Members of the Ball State football team celebrate after winning the game against the University of Massachusetts on Oct. 31 at Scheumann Stadium. Ball State won 20-10. Breanna Daugherty // DN File
Chirp: X factors on the field - Bowling Green
Ball State secondary vs. Bowling Green Quarterback
Ball State: It's been the same story all year for the Cardinals. The secondary has been one of the most struggling units on either side of the ball for the team. Minor improvements have been seen here and there, but not enough to contain the upper tier of quarterbacks.
Bowling Green: Matt Johnson is one of the top passing quarterbacks in the nation. He trails the leader in passing yards by just 37 yards and averages more than 400 yards per game. Johnson is a senior quarterback that is likely headed to the NFL draft next year as well.
Edge: Bowling Green. This is most likely the best quarterback the Cardinals have faced all season, and Johnson will be looking to raise his draft stock going into the postseason.
Ball State rushing attack vs. Bowling Green run defense
Ball State: The Cardinals have been averaging 4.3 yards per carry this season, respectively. James Gilbert is coming into his own as a freshman with 4 yards per carry and has just three fewer carries than Darian Green, who's currently averaging 5.1 yards per carry. The Cardinals have shown they can run against some of the best defenses in the nation, but have struggled to do it consistently.
Bowling Green: The Falcons have been allowing 4.2 yards per carry to opposing teams this year. They have gone up against some tough competition this season and have held them relatively well. To go with the yards per carry allowed, they have given up 21 rushing touchdowns so far. Bowling Green has shown they can stop the run when they need to, but again it's a matter of what team shows up that day.
Edge: Tie. The Cardinals are running almost exactly as much as the Falcons are allowing. This edge could swing either way, depending on which Ball State rushing attack shows up.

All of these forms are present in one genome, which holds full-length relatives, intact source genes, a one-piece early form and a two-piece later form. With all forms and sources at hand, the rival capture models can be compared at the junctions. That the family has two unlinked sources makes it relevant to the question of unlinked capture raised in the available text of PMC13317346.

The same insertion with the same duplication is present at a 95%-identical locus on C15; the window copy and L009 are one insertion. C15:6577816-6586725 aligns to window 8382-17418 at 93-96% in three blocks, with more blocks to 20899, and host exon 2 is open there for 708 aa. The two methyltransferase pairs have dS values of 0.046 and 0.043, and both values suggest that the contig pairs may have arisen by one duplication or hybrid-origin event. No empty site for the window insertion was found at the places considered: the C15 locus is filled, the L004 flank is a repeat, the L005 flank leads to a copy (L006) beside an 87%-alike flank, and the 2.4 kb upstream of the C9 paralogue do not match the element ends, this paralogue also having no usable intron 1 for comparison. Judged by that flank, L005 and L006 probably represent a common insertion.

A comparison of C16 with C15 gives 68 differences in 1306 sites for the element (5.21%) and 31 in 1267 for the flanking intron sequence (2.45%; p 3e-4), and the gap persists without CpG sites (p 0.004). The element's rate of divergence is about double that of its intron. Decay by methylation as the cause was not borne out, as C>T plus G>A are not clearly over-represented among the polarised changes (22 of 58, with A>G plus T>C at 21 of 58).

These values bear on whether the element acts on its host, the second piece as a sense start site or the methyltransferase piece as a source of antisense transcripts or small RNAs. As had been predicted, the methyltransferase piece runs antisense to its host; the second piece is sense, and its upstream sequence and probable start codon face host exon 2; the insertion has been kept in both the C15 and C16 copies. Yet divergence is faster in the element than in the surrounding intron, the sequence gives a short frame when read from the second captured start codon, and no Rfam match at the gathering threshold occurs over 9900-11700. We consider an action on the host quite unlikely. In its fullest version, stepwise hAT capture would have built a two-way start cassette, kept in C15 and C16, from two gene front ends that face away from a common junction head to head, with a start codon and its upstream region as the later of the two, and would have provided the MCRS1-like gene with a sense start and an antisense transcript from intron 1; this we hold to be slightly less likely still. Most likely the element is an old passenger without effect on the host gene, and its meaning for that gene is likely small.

Ball State pass rush vs. Bowling Green offensive line
Ball State: The Cardinals have struggled to get to the quarterback this season. If you can't generate pressure and force poor throws, quarterbacks can wait for their receivers to get open for the easy completions. The Cardinals can't afford to give Johnson any more time than he already has.
Bowling Green: Bowling Green has allowed 31 sacks this year, good for just more than three per game. Johnson has been able to throw for 40 touchdowns while averaging more than 400 yards per game to make up for it. The Cardinals may get to to him once or twice during the game, but it may not affect much.
Edge: Bowling Green. As much as the Falcons have struggled to contain the pass rush on the season, the Cardinals have struggled just as much to generate pressure. But the amount of time the Falcons will open up for Matt Johnson should be enough.
Ball State linebackers vs. Bowling Green running backs
Ball State: The Cardinals have been allowing 5 yards per carry to opposing teams this season. The defensive line might be able to get in the backfield, and if they break loose, the linebackers will be right there. Senior linebacker Ben Ingle has 96 total tackles on the season, while upcoming Sean Wiggins is second on the team with 90.
Bowling Green: Travis Greene and Fred Coppet, Bowling Green's top two running backs, have averaged 5.7 and 5.6 yards per carry this year, but the longest run between the two is 43 yards. They rely on the ability to power and bully their way through defenders rather than outrun them. For most teams, that may be a winning strategy, but the Cardinals linebackers hit hard.
Edge: Ball State. Bowling Green's run style works in favor of the Cardinals. Ingle and Wiggins have been able to stop runs that come anywhere near them but have struggled to contain runs that bounce to the outside.